BIS official casts doubt on El Salvador bitcoin ‘experiment’

El Salvador’s decision to make Bitcoin legal tender is an “interesting experiment” with a speculative asset that fails the test as reliable tender, a senior global central bank official said Friday.

The Central American country became the first country in the world to adopt Bitcoin as its local currency on Wednesday and said it would help Salvadorans living abroad send remittances home. Continue reading

“El Salvador is indeed an interesting experiment,” said Benoit Coeure, head of the Bank for International Settlements (BIS) innovation center.

“We at the BIS have made it clear that we do not see Bitcoin as a means of payment. Bitcoin is a speculative asset and should be regulated as such,” said Coeure at the opening of a regulatory research center at the Bank of England (BoE).

The comments echo the remarks made by the International Monetary Fund, which on Thursday said it had economic and legal concerns about the move from El Salvador. Continue reading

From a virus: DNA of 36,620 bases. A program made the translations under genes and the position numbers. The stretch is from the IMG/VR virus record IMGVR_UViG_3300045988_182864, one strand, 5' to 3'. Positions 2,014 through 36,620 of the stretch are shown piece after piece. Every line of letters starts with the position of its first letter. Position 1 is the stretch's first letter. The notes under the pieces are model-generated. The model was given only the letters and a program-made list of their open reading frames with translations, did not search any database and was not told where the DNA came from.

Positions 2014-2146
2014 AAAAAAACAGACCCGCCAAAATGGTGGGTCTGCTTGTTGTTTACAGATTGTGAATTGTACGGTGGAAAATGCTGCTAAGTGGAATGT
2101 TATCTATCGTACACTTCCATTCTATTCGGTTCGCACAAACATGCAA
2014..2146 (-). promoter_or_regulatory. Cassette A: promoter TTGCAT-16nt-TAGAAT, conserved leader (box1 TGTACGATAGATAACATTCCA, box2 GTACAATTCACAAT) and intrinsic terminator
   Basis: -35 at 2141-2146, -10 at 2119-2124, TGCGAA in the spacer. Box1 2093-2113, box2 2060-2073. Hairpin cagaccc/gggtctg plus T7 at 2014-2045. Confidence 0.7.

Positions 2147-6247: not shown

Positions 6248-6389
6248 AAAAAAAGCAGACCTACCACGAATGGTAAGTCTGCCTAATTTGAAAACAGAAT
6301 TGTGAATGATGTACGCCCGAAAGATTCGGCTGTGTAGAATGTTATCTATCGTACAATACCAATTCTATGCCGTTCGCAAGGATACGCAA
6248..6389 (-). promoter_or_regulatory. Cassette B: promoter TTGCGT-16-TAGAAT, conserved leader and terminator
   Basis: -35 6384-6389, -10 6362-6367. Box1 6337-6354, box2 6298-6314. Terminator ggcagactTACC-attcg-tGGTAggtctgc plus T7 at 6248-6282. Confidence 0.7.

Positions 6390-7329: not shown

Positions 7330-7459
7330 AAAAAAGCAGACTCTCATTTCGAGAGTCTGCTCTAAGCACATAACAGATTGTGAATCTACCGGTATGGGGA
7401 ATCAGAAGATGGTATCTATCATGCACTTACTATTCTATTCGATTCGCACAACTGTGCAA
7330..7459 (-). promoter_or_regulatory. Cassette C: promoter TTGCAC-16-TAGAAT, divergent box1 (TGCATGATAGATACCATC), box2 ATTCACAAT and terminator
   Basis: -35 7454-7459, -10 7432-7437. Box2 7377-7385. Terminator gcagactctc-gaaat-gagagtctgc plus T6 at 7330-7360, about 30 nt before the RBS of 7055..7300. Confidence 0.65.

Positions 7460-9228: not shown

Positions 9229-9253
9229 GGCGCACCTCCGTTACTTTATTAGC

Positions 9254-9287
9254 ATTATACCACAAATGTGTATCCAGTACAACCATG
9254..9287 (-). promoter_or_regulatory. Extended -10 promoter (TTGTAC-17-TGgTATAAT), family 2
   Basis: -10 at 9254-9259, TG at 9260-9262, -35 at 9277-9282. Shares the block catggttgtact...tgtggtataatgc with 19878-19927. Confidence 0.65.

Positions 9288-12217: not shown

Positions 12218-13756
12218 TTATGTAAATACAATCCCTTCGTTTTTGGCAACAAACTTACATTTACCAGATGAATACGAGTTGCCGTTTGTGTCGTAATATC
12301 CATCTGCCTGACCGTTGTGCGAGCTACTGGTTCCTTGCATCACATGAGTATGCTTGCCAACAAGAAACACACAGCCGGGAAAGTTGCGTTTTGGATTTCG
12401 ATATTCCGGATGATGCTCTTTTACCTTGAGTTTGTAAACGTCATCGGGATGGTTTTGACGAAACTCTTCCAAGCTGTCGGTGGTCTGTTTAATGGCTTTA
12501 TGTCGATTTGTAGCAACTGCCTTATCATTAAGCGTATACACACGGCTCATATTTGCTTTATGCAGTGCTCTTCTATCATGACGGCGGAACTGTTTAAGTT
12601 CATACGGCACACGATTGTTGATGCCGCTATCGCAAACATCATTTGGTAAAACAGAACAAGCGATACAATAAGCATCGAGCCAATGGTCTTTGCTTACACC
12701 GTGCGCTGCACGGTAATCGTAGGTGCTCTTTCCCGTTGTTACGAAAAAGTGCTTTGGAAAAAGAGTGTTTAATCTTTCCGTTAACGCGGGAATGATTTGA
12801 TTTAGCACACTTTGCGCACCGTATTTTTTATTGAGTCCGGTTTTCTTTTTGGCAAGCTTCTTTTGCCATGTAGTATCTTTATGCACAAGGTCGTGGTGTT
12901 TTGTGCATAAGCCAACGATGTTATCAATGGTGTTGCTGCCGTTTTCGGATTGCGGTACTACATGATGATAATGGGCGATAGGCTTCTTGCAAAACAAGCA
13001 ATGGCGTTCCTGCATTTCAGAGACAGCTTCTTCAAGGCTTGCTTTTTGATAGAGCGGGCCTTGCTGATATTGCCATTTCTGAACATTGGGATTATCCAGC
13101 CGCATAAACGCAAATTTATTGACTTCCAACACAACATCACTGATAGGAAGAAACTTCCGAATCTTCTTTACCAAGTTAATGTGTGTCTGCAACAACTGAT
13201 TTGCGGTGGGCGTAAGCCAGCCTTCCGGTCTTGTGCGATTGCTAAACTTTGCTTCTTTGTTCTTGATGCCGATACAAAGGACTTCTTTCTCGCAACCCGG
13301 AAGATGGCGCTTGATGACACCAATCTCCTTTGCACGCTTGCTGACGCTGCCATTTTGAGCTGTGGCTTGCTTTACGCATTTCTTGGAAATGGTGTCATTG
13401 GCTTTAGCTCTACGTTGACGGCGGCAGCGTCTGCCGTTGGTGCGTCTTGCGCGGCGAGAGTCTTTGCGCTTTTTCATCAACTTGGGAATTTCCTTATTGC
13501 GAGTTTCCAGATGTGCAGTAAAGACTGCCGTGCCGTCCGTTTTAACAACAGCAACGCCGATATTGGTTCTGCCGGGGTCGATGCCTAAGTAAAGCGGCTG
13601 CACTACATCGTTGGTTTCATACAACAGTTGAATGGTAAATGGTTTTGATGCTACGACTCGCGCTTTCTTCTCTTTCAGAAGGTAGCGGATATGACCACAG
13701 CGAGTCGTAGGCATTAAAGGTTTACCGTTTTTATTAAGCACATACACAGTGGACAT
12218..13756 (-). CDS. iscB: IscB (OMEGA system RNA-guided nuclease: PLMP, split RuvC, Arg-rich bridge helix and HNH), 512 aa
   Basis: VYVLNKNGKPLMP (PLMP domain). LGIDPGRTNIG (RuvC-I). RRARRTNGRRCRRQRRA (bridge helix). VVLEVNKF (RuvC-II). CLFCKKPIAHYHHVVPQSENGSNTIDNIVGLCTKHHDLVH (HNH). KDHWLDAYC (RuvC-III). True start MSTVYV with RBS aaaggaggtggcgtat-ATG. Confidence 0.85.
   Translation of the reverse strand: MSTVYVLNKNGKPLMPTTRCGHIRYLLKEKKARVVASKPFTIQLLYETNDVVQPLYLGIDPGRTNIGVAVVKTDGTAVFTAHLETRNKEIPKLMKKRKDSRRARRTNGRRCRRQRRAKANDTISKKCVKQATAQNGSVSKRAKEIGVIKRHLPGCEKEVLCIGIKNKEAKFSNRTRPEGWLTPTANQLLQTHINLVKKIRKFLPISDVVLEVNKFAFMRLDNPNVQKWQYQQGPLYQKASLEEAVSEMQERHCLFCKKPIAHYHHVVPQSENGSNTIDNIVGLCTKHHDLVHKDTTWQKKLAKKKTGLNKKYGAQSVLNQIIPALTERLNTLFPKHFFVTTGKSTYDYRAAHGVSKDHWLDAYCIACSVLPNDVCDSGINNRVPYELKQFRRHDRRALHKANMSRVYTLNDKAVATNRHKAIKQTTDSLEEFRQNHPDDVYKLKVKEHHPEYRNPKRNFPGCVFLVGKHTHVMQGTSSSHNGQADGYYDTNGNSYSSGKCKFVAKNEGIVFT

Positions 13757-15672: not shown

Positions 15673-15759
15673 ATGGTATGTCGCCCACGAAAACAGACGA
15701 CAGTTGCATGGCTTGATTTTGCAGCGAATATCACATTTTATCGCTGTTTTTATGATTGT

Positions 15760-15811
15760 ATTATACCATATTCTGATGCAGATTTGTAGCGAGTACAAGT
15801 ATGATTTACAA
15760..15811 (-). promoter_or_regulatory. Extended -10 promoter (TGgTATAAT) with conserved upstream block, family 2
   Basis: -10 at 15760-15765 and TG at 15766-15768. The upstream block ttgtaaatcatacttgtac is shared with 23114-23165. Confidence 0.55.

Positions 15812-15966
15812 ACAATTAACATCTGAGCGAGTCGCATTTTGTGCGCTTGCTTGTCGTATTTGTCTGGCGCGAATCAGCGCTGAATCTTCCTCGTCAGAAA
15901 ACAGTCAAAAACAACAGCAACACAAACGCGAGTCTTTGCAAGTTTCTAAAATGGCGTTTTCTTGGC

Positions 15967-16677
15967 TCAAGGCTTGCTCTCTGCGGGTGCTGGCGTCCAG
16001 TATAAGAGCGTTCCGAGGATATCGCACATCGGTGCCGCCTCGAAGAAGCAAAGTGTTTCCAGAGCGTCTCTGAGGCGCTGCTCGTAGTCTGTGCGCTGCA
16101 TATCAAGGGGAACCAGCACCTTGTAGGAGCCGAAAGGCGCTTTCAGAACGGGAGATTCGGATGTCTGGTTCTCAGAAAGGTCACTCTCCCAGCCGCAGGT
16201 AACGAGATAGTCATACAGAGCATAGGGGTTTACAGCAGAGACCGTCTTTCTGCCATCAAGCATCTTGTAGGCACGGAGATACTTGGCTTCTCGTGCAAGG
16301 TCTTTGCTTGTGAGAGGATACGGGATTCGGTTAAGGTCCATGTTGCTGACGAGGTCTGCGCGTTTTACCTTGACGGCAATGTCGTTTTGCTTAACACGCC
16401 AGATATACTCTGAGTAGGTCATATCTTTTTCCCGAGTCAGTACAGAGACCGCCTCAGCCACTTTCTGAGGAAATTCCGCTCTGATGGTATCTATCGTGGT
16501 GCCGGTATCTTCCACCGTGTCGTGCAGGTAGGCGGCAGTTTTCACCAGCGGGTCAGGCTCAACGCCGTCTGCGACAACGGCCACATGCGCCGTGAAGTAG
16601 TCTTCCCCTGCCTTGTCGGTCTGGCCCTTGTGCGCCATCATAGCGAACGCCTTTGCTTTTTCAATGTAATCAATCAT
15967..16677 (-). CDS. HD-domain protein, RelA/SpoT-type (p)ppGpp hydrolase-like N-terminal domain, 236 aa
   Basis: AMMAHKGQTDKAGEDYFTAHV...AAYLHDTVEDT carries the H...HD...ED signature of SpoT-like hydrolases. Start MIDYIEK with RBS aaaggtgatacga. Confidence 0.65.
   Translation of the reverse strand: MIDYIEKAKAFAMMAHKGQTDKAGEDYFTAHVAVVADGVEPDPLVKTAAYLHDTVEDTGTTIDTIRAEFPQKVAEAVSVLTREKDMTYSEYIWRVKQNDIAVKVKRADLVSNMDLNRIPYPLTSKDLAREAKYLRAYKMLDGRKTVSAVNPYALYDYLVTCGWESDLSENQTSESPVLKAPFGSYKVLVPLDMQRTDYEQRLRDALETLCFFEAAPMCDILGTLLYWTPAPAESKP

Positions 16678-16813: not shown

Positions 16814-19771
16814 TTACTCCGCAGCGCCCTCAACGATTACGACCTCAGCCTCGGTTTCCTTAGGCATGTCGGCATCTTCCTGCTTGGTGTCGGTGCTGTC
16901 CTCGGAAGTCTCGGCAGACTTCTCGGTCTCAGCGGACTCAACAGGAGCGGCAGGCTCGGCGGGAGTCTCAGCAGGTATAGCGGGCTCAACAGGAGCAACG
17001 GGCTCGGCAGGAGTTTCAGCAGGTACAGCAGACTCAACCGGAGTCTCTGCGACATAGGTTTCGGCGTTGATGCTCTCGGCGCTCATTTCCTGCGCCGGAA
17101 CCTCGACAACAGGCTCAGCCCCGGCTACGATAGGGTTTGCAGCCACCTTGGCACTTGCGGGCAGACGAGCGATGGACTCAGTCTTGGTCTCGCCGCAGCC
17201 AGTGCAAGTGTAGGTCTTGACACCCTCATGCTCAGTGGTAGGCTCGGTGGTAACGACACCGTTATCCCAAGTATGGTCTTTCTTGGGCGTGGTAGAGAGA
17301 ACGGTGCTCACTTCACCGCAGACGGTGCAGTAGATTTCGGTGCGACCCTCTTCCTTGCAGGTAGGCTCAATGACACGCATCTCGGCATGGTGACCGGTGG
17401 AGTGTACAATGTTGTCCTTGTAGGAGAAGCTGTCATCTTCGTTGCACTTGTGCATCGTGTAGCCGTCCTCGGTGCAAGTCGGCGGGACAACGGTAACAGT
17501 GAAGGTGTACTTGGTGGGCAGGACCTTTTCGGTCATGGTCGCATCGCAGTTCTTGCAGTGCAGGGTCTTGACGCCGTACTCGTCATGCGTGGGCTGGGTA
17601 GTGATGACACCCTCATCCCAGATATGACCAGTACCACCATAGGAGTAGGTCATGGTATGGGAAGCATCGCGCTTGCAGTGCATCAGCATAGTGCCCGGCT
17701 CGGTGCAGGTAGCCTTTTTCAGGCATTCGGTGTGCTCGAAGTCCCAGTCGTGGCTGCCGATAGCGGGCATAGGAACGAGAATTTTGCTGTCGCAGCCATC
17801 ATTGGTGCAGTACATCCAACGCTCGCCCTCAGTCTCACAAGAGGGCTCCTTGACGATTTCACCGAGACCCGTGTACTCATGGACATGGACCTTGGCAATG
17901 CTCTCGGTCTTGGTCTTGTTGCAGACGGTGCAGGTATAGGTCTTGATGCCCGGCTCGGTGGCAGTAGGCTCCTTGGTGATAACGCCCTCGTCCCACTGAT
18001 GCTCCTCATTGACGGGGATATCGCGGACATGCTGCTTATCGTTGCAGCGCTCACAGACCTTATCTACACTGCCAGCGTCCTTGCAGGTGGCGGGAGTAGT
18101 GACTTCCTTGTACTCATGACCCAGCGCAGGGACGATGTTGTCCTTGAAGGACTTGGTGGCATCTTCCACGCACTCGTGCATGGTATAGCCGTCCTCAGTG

In 2001, El Salvador replaced its local currency with the US dollar.

Rapid advances in electronic payments in the private sector and the reduced use of cash accelerated by COVID-19 have forced central banks to consider developing digital versions of their own legal tender, so-called central bank digital currencies.

“We have to be at the forefront of technology,” said Coeure. “We have to work with the private sector.”

The BIS is setting up a network of innovation centers around the world to enable central banks to share information on new payment technologies and to keep up with private sector initiatives such as Facebook’s stablecoin Diem.

Stablecoins are cryptocurrencies that are designed to have a stable value compared to traditional currencies or a commodity like gold to avoid the volatility that makes Bitcoin and other digital tokens impractical for most trading.

BoE Governor Andrew Bailey said regulators are working closely together on the potential impact of stablecoins on financial stability, as well as developing their own digital currencies.

“When that happens, it will be one of the most fundamental innovations in central banking history. It will lead us into a new era,” said Bailey.

Earlier this week, major economies’ financial regulators proposed strict capital requirements for banks holding cryptocurrencies, and Bailey said that any stablecoin-based payment system must meet the same standards as banks. Continue reading

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